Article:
it must contain the significance of every scripture,
and forward every art.
While the Natya Shastra is the revered ancient text in the Hindu tradition, there are numerous other ancient and medieval Sanskrit dance-drama related texts that further discuss and expand on the classical repertoire of performance arts, such as the Abhinaya Darpana, Abhinava Bharati, Natya Darpana, Bhava Prakasa and many others.    The term "classical" ( Sanskrit: "Shastriya") denotes the ancient Indian Shastra-based performing arts.
The text Natya Shastra describes religious arts as a form as margi, or a "spiritual traditional path" that liberates the soul, while the folk entertainment is called desi, or a "regional popular practice".   
Indian classical dances are traditionally performed as an expressive drama-dance form of religious performance art,  related to Vaishnavism, Shaivism, Shaktism, pan-Hindu Epics and the Vedic literature, or a folksy entertainment that includes story-telling from Sanskrit or regional language plays.  As a religious art, they are either performed inside the sanctum of a Hindu temple, or near it.   Folksy entertainment may also be performed in temple grounds or any fairground, typically in a rural setting by travelling troupes of artists; alternatively, they have been performed inside the halls of royal courts or public squares during festivals. 
However, this is not the case for Kathak, Manipuri and Chhau as it has their own uniqueness. Kathak can be also performed on courtyards of mosques and had Muslim elements while Manipuri had the huyen langlon genre which focuses on combat.     Like Manipuri, Chhau also had elements on combat.
The Natya Shastra mentions four Pravrittis (traditions, genres) of ancient dance-drama in vogue when it was composed – Avanti (Ujjain, central), Dakshinatya (south), Panchali (north, west) and Odra-Magadhi (east). 
Sources differ in their list of Indian classical dance forms.   Encyclopædia Britannica mentions six dances.  The Sangeet Natak Akademi has given recognition to eight Indian dances.  The Indian government's Ministry of Culture includes nine dance forms.  Scholars such as Drid Williams and others include Yakshagana and Bhagavata Mela to the nine classical Indian dances in the Sangeet Natak Akademi list.  
some of the famous Indian classical dancers are :
All major classical Indian dance forms include in repertoire, three categories of performance in the Natya Shastra. These are Nritta, Nritya and Natya:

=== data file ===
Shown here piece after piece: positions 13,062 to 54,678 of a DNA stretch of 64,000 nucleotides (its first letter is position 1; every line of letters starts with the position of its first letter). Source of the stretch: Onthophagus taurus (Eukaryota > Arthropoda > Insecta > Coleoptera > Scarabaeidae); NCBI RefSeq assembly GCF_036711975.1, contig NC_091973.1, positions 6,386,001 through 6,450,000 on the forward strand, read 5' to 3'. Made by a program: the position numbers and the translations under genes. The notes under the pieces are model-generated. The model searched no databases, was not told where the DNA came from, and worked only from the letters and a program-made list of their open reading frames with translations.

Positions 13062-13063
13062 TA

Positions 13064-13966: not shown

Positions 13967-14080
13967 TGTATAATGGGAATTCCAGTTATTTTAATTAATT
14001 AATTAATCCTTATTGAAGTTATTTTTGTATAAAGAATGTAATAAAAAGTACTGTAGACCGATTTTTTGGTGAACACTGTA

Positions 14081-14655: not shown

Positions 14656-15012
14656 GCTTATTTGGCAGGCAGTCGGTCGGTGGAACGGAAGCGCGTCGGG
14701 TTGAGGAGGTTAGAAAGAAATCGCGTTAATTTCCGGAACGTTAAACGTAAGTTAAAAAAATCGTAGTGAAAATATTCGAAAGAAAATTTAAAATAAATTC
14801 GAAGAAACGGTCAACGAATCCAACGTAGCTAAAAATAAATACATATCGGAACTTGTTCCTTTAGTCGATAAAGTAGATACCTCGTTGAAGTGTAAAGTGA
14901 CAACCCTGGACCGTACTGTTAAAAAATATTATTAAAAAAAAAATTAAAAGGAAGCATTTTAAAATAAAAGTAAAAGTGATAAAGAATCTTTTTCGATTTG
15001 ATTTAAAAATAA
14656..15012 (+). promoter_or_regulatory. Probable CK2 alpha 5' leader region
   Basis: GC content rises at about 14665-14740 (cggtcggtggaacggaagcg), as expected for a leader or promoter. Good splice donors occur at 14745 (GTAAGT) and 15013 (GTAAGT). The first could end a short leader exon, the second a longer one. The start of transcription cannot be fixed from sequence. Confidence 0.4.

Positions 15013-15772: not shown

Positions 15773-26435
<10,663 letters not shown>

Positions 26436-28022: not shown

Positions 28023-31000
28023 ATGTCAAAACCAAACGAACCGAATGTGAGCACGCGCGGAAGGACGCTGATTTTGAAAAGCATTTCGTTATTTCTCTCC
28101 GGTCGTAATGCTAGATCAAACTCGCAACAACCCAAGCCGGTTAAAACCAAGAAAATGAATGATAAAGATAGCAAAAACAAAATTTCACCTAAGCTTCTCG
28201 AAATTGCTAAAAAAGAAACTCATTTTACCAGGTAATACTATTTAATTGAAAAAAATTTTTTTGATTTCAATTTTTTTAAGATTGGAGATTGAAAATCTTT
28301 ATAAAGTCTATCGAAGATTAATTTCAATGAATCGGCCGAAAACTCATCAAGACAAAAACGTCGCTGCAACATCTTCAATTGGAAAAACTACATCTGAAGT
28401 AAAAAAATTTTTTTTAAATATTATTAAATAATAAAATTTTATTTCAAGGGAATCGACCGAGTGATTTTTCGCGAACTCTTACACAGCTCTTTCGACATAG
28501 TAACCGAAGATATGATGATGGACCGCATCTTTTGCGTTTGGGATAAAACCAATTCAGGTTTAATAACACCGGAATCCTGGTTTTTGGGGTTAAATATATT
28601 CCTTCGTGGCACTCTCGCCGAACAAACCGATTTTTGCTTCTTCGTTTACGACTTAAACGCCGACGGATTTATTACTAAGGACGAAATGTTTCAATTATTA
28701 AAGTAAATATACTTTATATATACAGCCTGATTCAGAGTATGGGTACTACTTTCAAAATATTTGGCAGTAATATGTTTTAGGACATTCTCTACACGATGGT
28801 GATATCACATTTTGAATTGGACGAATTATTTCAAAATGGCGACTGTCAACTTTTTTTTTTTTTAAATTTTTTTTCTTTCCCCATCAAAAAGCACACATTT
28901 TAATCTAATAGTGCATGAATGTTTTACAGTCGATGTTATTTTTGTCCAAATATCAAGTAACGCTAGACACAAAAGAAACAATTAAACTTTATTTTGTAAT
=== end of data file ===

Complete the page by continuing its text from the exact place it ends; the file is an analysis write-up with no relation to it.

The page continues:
All classical dances of India used similar symbolism and rules of gestures in abhinaya (acting). The roots of abhinaya are found in the Natyashastra text which defines drama in verse 6.10 as that which aesthetically arouses joy in the spectator, through the medium of actor's art of communication, that helps connect and transport the individual into a super sensual inner state of being.  A performance art, asserts Natyashastra, connects the artists and the audience through abhinaya (literally, "carrying to the spectators"), that is applying body-speech-mind and scene, wherein the actors communicate to the audience, through song and music.  Drama in this ancient Sanskrit text, this is an art to engage every aspect of life, to glorify and gift a state of joyful consciousness. 
The communication through symbols is in the form of expressive gestures (mudras or hastas) and pantomime set to music. The gestures and facial expressions convey the ras (sentiment, emotional taste) and bhava (mood) of the underlying story.  In Hindu classical dances, the artist successfully expresses the spiritual ideas by paying attention to four aspects of a performance:
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Quote: "A summation of the signal importance of the Natyasastra for Hindu religion and culture has been provided by Susan Schwartz, "In short, the Natyasastra is an exhaustive encyclopedic dissertation of the arts, with an emphasis on performing arts as its central feature. It is also full of invocations to deities, acknowledging the divine origins of the arts and the central role of performance arts in achieving divine goals (...)".